Across sub-Saharan Africa, children will be seen trudging each early morning and mid-afternoon along major highways as traffic hurtles past. Such long daily walks to and from school due to lack of or high cost of transport bring attendant problems of lateness and encourage late ‘over-age’ enrolment (especially of girls), truancy and early drop-out. The common alternative of ‘home boarding’ in town (renting a room alone in the absence of sufficient cheap school boarding places) is particularly fraught with dangers for young girls, who are often targeted for sex by predatory older men [14]. Data from the 2003 South Africa National Household Travel Survey indicates that just over three-quarters of ‘learners’ walked to school and just under one fifth of the 16 million total spent over one hour each day walking to and from their schools, which are commonly located in smaller or larger urban centres [38].
In remoter locations of rural Asia, poverty similarly forces many pupils to walk to school, despite the greater availability of regular transport than in most of sub-Saharan Africa. In such circumstances, in Bangladesh, Matin et al. [39] described how it is the norm for such children to walk in groups to school for safety reasons, just as they do in Africa. Unsurprisingly, parents in India, Thailand and China are reportedly more likely to allow girls to carry on with their education where transport services are reliable and safe [40]. In Delhi, India, where sexual harassment on public transport is now a notorious issue for women, a correlation has been found between young women’s college choice and their perceptions of route safety, despite the higher transport fares thus involved (though without evidence of direct causal connection between the two [41].
It is also important to note that the performance of children and young people at school or in training programmes may be shaped by transport constraints at home. Such transport failures, particularly (but not only) in rural environments, may require young people to undertake a series of tasks before they leave for school or after they return home: these commonly include carrying water and (less regularly) firewood, together with other domestic work such as cleaning, sweeping, washing clothes and caring for younger siblings [42].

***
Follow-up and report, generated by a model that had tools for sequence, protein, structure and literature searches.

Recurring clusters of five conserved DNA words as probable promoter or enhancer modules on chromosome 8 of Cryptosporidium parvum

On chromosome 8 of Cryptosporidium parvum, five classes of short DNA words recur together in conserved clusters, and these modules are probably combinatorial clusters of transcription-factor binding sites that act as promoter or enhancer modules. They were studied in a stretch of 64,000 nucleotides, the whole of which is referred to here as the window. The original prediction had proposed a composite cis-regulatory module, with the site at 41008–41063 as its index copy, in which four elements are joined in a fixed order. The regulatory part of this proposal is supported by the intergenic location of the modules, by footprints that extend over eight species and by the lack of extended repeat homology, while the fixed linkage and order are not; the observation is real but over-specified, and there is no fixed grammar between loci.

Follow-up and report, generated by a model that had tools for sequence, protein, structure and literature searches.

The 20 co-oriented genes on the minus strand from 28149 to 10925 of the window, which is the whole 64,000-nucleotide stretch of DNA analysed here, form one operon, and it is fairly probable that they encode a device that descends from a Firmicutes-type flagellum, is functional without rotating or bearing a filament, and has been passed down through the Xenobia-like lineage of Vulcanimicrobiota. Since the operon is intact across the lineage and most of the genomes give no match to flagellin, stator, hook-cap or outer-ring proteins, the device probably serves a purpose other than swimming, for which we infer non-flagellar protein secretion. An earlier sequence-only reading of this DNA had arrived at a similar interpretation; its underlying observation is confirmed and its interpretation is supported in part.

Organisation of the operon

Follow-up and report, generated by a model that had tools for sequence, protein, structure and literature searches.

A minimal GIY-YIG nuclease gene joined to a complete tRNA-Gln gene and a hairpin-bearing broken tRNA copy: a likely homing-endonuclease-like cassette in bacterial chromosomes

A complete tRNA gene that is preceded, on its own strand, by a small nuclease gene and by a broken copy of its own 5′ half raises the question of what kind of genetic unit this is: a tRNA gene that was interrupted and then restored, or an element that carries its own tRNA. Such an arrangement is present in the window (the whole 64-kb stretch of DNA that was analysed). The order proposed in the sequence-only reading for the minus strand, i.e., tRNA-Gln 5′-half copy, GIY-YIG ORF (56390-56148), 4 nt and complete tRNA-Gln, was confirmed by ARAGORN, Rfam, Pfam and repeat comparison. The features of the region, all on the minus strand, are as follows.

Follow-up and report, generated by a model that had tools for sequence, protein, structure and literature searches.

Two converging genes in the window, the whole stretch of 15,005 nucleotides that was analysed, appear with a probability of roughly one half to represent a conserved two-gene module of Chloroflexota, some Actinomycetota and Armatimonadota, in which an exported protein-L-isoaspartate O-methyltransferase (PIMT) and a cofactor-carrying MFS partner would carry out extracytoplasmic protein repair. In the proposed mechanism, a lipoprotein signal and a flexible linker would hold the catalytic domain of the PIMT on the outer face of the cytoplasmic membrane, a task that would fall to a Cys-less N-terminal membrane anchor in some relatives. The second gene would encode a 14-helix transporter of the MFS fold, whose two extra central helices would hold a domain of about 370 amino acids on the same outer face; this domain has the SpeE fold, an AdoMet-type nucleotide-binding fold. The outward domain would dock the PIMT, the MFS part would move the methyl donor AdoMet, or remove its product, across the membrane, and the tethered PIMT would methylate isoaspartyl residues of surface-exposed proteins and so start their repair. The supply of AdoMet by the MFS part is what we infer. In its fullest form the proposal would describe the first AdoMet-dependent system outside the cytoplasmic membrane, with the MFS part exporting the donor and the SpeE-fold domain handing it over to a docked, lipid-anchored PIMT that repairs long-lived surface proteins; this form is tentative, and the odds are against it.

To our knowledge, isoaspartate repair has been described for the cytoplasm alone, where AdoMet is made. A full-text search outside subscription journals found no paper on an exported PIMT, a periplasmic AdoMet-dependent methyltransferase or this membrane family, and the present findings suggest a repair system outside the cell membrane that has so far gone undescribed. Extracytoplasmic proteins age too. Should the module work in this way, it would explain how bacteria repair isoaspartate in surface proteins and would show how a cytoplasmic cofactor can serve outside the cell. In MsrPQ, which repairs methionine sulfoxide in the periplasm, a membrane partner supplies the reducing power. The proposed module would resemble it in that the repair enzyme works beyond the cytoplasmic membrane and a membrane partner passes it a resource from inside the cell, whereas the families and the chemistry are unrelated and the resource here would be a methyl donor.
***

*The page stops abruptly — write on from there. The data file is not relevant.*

4.1.1. School Travel within LMIC Urban Areas

Within LMIC urban areas, motorised transport is available, but fare costs limit its use by school pupils. This is a major factor shaping the very heavy dependence on pedestrian travel (together with bicycle travel in Asia). In urban Africa, generally well over 90% of pupils travel to school on foot: 96% in a Nairobi slum according to Salon and Gulyani [43], 98% across eight diverse Ghana sites and 99% across eight diverse Malawi sites studied by Porter et al. [14] (chapter 3). Journey times can be far more substantial than in Asia given such high levels of dependence on pedestrian travel and the low availability of cycles to school pupils [14] (chapter 3). In peri-urban neighbourhoods in Ghana, Malawi, South Africa and Kenya, pupils report walking considerable distances, especially where there is a preference for a (usually better) school, or where the nearest schools are full [14,43]. In Soweto-Johannesburg, for instance, over a third of primary-school-aged children were found to travel more than 3 km one way to school, nearly two-thirds attended schools outside of the suburb where they resided, and only 18% attended the school closest to home [44]. School quality considerations are often a significant factor shaping school selection, even among relatively poor households. See also Hunter’s research in Durban [45]; he makes the point that this applies to poor—but not the poorest—households.
In urban Asia, the sparse published material available suggests that school pupils make more substantial use of informal public transport and of bicycles. However, as cities expand in Asia, the school commuting distance is inevitably growing, as Li and Xhao and Zhang et al. showed using data from Third and Fifth Travel Surveys of Beijing Inhabitants, respectively (with some children travelling over 5 km) [28,46].

4.1.2. Hazards of School Travel